Book Review: The Things They Carried

The Things They Carried

  • Title: The Things They Carried
  • Author: Tim O’Brien
  • Series: None
  • Genre: Historical Fiction, War Story
  • Publishing Date: March 28th, 1990
  • Publishing Co.: Houghton Mifflin Harcourt
  • Length: 233 pages
  • Format: Kindle, Audiobook, MP3 CD, Paperback, Hardback
  • Acquired: Bought a used paperback at a Used Book Sale
  • Amazon Link: The Things They Carried

A classic work of American literature that has not stopped changing minds and lives since it burst onto the literary scene, The Things They Carried is a ground-breaking meditation on war, memory, imagination, and the redemptive power of storytelling. 


Final Judgment: 5 Stars out of 5

Throughout my academic career, I have read snippets of this book. A chapter here, a few paragraphs there. Normally, it was an activity set by one of my English or Writing classes in high school and college. And although I enjoyed O’Brien’s writing and could feel his pain tugging on my heartstrings, I have never had the opportunity–or courage–to read the entire book. I decided to change that this summer. I ended up reading this entire book in not only one day, but one sitting.

In our current world, we often forget how bad it can be. We are comfortable and lazy. We have all of the information that we could ever want at the tip of our fingers, ready to yield to us instantaneously. Our loved ones are a second away, even if their physical bodies span hundreds of thousands of miles from us. The biggest decision I have to make in a day is whether to re-watch Game of Thrones or Friends. I go to work in the morning, and I come home at night, safe and sound, ready to forget the trials of the day and relax with my family in my nice air-conditioned house. War is never on my mind. Blood and death do not haunt me.

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QOTD: What is one really strong and vibrant memory that you have? Good or bad. . . This question is a bit of a hard one. Reading this novel for the first time all the way through was difficult. O’Brien has an amazing and beautiful writing style, but the message and words behind it are dark and full of sorrow. It forced me to take a look at my own life and how I may one day tell it as a story. Now, I’ve never done anything *near* as devastating as fighting in a war, but it was interesting to look through my own life as a storyteller. . One memory that particularly stands out to me (good, because I need some lightness right now!) is when I was in my highschool orchestra. We had a rehearsal for one of our performances later that week, and idk. While we were all playing, the music just lined up flawlessly. I was moved. I realized that as I was playing, it was getting harder to read the notes because they were going blurry on the page. The music had literally left me with tears in my eyes and joy in my heart (as cliche as that sounds). I felt as if I were a part of something greater than myself, something beautiful. . Idk what is was that day, because I’ve never quite had that feeling again. Not during our official performance that week, not during any other performance after that. . . #sandandbooks2020 — Last 5 ⭐️ read #thebookishdreamers — minimalist cover . . #bookstagram #qotd #booksta #bibliophile #booklover #bookaddict #igread #igreads #reading #bookblogger #bookblog #readingcommunity #bookworm #bookaholic #bookaddict #thethingstheycarried #timobrien #classicnovels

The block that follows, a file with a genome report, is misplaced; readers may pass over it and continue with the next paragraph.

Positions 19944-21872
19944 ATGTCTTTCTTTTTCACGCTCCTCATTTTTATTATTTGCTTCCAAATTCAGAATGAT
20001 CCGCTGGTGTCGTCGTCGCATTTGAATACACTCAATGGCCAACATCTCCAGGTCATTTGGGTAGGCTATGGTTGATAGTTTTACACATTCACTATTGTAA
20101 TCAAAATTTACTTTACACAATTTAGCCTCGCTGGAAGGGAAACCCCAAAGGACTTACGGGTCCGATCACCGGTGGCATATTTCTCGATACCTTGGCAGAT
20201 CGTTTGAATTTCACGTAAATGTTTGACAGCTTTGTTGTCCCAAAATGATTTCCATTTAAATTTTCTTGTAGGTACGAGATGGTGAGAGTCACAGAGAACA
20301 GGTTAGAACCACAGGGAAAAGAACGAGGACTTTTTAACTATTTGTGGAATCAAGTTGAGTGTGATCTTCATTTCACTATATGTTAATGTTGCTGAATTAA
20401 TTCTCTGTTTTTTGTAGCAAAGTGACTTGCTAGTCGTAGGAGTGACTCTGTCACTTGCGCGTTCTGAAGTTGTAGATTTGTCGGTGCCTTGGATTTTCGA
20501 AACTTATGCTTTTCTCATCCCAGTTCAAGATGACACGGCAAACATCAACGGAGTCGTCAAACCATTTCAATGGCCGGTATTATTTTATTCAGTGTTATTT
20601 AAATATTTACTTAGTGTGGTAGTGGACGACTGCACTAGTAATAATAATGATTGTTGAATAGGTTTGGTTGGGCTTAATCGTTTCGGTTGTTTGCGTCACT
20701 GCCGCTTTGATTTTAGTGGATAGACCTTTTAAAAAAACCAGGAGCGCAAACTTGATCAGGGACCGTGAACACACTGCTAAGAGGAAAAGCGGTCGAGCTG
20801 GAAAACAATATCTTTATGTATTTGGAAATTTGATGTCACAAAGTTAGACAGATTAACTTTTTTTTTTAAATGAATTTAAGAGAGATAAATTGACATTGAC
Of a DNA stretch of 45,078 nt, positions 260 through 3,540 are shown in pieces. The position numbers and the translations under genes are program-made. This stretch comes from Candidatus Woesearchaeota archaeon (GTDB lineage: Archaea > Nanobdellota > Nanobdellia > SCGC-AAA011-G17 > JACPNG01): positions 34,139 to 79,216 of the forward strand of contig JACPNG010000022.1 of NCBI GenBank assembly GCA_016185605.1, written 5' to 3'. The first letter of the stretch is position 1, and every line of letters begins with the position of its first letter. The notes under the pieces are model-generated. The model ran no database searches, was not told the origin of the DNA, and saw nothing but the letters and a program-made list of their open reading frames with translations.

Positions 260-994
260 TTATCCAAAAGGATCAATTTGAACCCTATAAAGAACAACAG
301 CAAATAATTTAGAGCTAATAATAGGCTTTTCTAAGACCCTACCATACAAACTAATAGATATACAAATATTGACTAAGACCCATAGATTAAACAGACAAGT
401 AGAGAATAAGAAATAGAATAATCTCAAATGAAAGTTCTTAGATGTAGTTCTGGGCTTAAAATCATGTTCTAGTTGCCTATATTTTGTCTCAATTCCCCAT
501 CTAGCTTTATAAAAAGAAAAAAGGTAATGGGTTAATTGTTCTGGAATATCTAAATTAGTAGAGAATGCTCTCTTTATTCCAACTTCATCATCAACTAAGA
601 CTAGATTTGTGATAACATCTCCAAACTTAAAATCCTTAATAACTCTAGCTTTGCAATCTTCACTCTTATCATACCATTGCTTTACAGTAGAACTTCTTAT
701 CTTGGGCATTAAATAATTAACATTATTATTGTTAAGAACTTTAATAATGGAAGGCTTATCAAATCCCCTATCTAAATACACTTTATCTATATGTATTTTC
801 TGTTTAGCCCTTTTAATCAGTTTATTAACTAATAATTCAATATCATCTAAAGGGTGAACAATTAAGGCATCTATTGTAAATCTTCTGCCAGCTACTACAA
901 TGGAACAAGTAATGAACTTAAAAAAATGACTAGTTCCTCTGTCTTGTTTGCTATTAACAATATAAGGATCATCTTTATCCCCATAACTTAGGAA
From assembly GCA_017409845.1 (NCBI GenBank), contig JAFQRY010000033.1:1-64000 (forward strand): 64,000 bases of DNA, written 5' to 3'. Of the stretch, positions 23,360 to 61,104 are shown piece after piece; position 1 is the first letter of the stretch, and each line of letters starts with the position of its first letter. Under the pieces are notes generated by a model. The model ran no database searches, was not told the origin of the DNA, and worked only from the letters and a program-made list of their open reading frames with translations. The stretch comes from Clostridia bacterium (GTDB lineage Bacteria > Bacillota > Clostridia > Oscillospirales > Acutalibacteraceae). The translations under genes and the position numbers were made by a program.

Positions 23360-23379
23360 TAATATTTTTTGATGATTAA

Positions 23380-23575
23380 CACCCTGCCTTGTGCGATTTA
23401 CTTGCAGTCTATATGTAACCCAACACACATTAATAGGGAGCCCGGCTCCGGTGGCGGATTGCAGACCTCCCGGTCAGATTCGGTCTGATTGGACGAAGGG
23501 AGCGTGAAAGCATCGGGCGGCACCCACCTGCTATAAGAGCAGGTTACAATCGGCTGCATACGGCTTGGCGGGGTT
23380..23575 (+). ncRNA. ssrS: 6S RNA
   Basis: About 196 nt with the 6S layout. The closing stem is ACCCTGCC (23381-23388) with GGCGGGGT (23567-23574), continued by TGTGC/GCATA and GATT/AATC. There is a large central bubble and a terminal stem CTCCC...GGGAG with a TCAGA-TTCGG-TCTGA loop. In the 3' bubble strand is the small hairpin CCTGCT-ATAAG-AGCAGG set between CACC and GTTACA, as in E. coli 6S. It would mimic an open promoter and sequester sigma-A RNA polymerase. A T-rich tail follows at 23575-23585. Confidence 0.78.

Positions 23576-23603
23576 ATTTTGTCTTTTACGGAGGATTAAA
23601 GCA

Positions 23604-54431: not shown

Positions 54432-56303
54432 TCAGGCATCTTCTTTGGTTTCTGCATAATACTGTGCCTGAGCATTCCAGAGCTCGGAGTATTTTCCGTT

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Reading this novel brought home the atrocities of war. They had always been so removed from my own life that I couldn’t even fathom them. Now, I can. I can better understand the effects that such actions have on human beings, and how our world suffers from them. O’Brien is sure not to sugarcoat his experiences, and this is where the beauty–and horror–of his writing comes from. We readers are forced to experience what he went through in the Vietnam war. We have to live through it, just as if we were knee deep in the shit field with him.

This novel encouraged me to gain a new perspective on not only my own, current life, but on war in general and the lives of those who have already served in war(s). I have grown because of this experience, and I urge anyone and everyone to do the same.

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